Staff Publications

Staff Publications

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    'Staff publications' is the digital repository of Wageningen University & Research

    'Staff publications' contains references to publications authored by Wageningen University staff from 1976 onward.

    Publications authored by the staff of the Research Institutes are available from 1995 onwards.

    Full text documents are added when available. The database is updated daily and currently holds about 240,000 items, of which 72,000 in open access.

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Record number 506676
Title Impact of fitting dominance and additive effects on accuracy of genomic prediction of breeding values in layers
Author(s) Heidaritabar, M.; Wolc, A.; Arango, J.; Zeng, J.; Settar, P.; Fulton, J.E.; O'Sullivan, N.P.; Bastiaansen, J.W.M.; Fernando, R.L.; Garrick, D.J.; Dekkers, J.C.M.
Source Journal of Animal Breeding and Genetics 133 (2016). - ISSN 0931-2668 - p. 334 - 346.
DOI http://dx.doi.org/10.1111/jbg.12225
Department(s) Animal Breeding and Genetics
WIAS
Publication type Refereed Article in a scientific journal
Publication year 2016
Keyword(s) Additive effect - Dominance effect - Genomic selection - Layer
Abstract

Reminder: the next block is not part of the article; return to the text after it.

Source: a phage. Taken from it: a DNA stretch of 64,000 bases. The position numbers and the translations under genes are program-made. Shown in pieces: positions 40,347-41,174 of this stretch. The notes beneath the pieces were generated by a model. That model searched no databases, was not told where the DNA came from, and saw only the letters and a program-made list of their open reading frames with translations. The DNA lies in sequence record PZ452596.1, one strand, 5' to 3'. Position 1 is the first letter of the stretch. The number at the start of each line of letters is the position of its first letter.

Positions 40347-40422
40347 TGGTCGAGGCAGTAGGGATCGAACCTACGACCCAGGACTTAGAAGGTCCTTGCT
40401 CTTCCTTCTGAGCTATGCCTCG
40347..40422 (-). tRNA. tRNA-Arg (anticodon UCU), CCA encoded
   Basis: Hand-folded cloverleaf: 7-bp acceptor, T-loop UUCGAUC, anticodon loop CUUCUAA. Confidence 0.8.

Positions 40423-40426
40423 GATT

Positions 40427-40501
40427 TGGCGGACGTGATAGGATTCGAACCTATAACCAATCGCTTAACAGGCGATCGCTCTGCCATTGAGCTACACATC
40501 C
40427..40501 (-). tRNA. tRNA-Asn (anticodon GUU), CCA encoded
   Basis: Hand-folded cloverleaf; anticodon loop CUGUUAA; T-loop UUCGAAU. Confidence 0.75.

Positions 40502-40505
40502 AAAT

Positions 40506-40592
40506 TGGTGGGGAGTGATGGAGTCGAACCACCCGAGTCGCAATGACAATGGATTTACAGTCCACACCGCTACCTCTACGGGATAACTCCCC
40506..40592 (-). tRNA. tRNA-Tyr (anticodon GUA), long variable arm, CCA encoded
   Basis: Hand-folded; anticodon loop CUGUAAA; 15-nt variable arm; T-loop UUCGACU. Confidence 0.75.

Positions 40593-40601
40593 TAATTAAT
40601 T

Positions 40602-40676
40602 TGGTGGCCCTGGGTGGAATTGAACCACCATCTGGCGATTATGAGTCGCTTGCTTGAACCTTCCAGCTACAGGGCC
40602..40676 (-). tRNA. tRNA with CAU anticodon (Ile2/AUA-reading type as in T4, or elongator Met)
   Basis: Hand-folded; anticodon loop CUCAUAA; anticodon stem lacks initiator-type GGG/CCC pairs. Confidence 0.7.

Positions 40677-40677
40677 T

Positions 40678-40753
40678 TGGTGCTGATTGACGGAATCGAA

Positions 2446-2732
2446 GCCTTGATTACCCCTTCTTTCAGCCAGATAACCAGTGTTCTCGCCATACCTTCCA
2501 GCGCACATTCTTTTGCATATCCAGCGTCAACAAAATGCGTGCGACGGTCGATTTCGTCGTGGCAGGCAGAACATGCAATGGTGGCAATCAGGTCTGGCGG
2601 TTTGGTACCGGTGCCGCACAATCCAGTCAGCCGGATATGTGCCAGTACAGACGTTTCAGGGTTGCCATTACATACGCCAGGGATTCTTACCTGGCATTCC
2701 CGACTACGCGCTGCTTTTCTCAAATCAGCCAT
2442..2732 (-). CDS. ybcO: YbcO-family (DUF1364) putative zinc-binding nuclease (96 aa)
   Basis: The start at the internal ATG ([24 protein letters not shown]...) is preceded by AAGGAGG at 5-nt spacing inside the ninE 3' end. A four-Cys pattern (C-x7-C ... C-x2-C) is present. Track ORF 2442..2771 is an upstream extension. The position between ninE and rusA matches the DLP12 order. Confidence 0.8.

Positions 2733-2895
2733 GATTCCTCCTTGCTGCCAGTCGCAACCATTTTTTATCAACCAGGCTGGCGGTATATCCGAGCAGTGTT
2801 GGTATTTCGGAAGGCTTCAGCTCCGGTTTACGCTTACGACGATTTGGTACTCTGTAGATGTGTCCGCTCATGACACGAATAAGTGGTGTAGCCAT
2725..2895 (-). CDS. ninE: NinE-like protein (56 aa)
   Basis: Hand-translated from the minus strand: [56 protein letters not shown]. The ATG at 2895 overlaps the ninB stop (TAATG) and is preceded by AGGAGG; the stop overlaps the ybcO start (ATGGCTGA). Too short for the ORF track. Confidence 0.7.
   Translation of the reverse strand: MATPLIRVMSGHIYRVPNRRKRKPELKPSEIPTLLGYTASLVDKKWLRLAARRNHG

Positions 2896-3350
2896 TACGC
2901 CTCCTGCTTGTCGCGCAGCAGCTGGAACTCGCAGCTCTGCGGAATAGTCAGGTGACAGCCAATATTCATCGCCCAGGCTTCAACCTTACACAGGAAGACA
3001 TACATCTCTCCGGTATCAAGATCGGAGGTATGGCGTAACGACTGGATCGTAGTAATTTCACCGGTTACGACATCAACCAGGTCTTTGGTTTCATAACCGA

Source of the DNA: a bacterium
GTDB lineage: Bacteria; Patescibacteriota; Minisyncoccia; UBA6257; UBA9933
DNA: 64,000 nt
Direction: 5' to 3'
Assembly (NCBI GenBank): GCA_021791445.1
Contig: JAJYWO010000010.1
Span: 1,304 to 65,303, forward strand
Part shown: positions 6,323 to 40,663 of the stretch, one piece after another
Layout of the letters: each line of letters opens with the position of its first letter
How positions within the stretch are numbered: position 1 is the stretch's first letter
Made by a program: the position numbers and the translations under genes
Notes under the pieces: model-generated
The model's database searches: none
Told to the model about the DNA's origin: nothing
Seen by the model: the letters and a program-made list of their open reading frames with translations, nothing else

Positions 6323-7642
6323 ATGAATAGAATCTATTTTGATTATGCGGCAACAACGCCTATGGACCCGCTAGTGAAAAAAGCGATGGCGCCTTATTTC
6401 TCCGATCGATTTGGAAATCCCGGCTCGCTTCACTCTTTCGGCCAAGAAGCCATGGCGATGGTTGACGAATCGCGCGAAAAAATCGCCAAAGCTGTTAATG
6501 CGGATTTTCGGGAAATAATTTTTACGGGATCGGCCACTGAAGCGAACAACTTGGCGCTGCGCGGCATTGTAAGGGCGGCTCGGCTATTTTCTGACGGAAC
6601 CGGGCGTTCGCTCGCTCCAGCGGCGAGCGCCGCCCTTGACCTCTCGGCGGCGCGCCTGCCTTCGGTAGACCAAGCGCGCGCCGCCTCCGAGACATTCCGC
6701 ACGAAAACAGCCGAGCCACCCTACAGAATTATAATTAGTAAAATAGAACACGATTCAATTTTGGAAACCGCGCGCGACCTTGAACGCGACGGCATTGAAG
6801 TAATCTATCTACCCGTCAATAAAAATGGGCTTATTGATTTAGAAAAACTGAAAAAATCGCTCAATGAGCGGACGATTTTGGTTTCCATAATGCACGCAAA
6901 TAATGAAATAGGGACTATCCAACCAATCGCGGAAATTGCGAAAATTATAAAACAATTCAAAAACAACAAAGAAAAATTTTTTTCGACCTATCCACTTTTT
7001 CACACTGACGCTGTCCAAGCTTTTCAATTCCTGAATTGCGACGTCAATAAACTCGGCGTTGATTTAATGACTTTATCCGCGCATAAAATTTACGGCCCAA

Most genomic prediction studies fit only additive effects in models to estimate genomic breeding values (GEBV). However, if dominance genetic effects are an important source of variation for complex traits, accounting for them may improve the accuracy of GEBV. We investigated the effect of fitting dominance and additive effects on the accuracy of GEBV for eight egg production and quality traits in a purebred line of brown layers using pedigree or genomic information (42K single-nucleotide polymorphism (SNP) panel). Phenotypes were corrected for the effect of hatch date. Additive and dominance genetic variances were estimated using genomic-based [genomic best linear unbiased prediction (GBLUP)-REML and BayesC] and pedigree-based (PBLUP-REML) methods. Breeding values were predicted using a model that included both additive and dominance effects and a model that included only additive effects. The reference population consisted of approximately 1800 animals hatched between 2004 and 2009, while approximately 300 young animals hatched in 2010 were used for validation. Accuracy of prediction was computed as the correlation between phenotypes and estimated breeding values of the validation animals divided by the square root of the estimate of heritability in the whole population. The proportion of dominance variance to total phenotypic variance ranged from 0.03 to 0.22 with PBLUP-REML across traits, from 0 to 0.03 with GBLUP-REML and from 0.01 to 0.05 with BayesC. Accuracies of GEBV ranged from 0.28 to 0.60 across traits. Inclusion of dominance effects did not improve the accuracy of GEBV, and differences in their accuracies between genomic-based methods were small (0.01-0.05), with GBLUP-REML yielding higher prediction accuracies than BayesC for egg production, egg colour and yolk weight, while BayesC yielded higher accuracies than GBLUP-REML for the other traits. In conclusion, fitting dominance effects did not impact accuracy of genomic prediction of breeding values in this population.

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